I have a great surge protector which worked well on the 120 AC power. However, I was wondering if something like the following HDMI specific surge protector would work for me in the future: http://www.amazon.com/ViewHD-HDMI-Surge-Protector-Protection/dp/B009EVNR1U%3FSubscriptionId%3DAKIAIAA4MWUJXHBYFRNQ%26tag%3Dsquid1648182-20%26linkCode%3Dxm2%26camp%3D2025%26creative%3D165953%26creativeASIN%3DB009EVNR1U
and this thread
and this thread
and this older thread which really only slightly touches the subject
and each one states that unless you took a lightning strike directly onto the HDMI cable (or circuit board), that the surge did not originate with the HDMI cable. It originated outside of your house and came in through some path. Now that path could be the AC line but more likely it is a cable, antenna or satellite. Do you have a surge protector on that line?
You'll also note in the above threads that a surge protector on the HDMI line would likely degrade your HDMI signal since the high speed data transmission line is designed for a specific electrical characteristics and by adding a surge protector you'll end up changing those characteristics. So, if you find one (and there are a few manufacturers that will make whatever someone says they want) you may find you do more harm and not much good (if any).
The key is to protect every line coming into your house from the outside and not those lines that are just inside your house.
I did read those articles you linked already before I decided to post. None of them were specific to my situation.
My current surge protector does have protection for the incoming Comcast cable to go into. I was advised in the past not to use it due to signal degradation.
The other choice is that your AC surge protector didn't protect as well as you thought it would.
Bottom line is that unless the HDMI circuit was hit directly, then it's just a symptom, not a cause.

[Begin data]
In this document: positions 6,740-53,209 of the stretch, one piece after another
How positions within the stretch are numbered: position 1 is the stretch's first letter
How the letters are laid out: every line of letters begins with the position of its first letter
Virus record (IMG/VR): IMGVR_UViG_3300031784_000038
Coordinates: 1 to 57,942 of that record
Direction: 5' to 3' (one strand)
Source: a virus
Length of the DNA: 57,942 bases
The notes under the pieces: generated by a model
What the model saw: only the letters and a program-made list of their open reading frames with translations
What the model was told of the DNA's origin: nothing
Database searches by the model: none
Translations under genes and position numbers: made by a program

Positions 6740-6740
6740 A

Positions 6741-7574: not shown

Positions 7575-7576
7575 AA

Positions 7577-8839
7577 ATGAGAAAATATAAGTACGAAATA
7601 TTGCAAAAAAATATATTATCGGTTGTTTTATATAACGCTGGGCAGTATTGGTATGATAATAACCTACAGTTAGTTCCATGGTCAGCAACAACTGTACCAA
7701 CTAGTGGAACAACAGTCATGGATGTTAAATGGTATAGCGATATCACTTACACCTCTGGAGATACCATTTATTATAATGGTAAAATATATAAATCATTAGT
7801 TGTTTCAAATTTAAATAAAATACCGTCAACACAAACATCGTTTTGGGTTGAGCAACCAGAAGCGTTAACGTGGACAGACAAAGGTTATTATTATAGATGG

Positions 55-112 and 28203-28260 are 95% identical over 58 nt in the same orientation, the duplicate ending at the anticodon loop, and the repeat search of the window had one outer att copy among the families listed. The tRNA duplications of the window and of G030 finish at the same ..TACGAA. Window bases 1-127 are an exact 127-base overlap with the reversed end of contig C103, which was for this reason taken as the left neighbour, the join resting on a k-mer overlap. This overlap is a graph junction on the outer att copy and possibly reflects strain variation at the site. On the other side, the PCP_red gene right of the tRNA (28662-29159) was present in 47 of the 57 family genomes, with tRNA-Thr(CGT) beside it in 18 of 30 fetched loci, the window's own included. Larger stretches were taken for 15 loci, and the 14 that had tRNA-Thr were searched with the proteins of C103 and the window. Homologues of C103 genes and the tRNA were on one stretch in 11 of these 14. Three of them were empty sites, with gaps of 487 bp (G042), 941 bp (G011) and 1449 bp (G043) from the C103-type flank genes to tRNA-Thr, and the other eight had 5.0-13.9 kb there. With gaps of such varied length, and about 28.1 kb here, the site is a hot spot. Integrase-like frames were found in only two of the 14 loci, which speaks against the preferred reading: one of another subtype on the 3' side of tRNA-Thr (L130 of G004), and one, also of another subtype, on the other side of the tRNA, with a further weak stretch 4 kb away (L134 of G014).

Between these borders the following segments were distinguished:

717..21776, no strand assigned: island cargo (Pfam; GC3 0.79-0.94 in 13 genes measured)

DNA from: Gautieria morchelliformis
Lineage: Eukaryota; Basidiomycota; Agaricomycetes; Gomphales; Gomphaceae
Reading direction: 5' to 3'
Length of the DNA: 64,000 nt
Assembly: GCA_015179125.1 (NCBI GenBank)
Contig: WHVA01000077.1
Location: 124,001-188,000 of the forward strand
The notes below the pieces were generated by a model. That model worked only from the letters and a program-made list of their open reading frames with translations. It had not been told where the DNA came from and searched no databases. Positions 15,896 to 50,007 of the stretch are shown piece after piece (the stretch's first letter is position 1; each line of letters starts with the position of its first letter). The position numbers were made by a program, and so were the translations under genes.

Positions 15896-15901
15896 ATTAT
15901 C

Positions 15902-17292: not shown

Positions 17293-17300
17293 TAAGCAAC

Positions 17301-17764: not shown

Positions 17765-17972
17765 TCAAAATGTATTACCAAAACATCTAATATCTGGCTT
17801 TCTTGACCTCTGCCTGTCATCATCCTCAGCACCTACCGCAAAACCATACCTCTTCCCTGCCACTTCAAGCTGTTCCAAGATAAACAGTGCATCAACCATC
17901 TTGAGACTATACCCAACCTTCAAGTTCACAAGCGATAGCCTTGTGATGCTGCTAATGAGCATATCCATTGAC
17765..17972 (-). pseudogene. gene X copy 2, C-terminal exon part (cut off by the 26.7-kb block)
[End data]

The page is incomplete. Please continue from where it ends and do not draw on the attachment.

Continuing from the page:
Comcast tells me they do not recommend surge protectors for their incoming cables. They mess with the signal.
Another thing you could do is to get Comcast to check the ground. Most of the technicians will know what to look for.
I used to have an HDMI splitter on the HDMI out from my Comcast cable box. Every time a lightning strike hit remotely close by the splitter would fry. I went through FIVE! of them, and all of my components are on a good surge protector. In the last week I've gone through TWO! set top boxes (HDMI ports fried) due to lightning strikes. No problems with any other devices - just HDMI ports and cables. How did such an ridiculously fragile technology ever get approved for the consumer market!?
You are the exception not the rule or else HDMI would not be so prevalent (even if most of us wish there was a different way). The warranty repair costs would be too high for manufacturers if HDMI were that fragile in most installations.
Your system's problem is not the HDMI port. It's why a surge is getting in so often from Comcast. Have they checked the cable ground? If not call Comcast and have them send a tech out. Do you have a surge protector on the cable input? Those are available as part of many AC surge protectors.
- Sony television
- Sony PS3
- Pioneer receiver
- Epson Projector
All of these components seem to work fine otherwise, except none of the HDMI ports work. Considering I have invested several thousand dollars in this system, and it is all well past warranty, I am very much hoping that my home insurance will cover this!!
The main point of this lengthy reply is to confirm that a nearby lightening strike can, in fact, wipe out HDMI ports. Every HDMI device I had connected to my system (with the exception of my cable box) has had its HDMI ports destroyed (no visual damage, but they will no longer conduct signals).
Next search will be for solutions to prevent this once I have the system replaced!!
In the last year I have lost 3 HDMI splitters, 2 HDMI switches, and the HDMI input has failed on 1 television and my HD projector. All related to lightening storms in the area but no strikes to the house. I'm pretty sure that my issues are related to the fact that I live in a trailer and the long HDMI cables run through the floor and then run along the ground before running back through the floor to the receivers. Lightening strikes nearby can cause a spike creating a different of potential between the ground and the metal frame of the trailer even though the trailer itself is grounded. I am going to get the cables off the ground and hopefully that will help.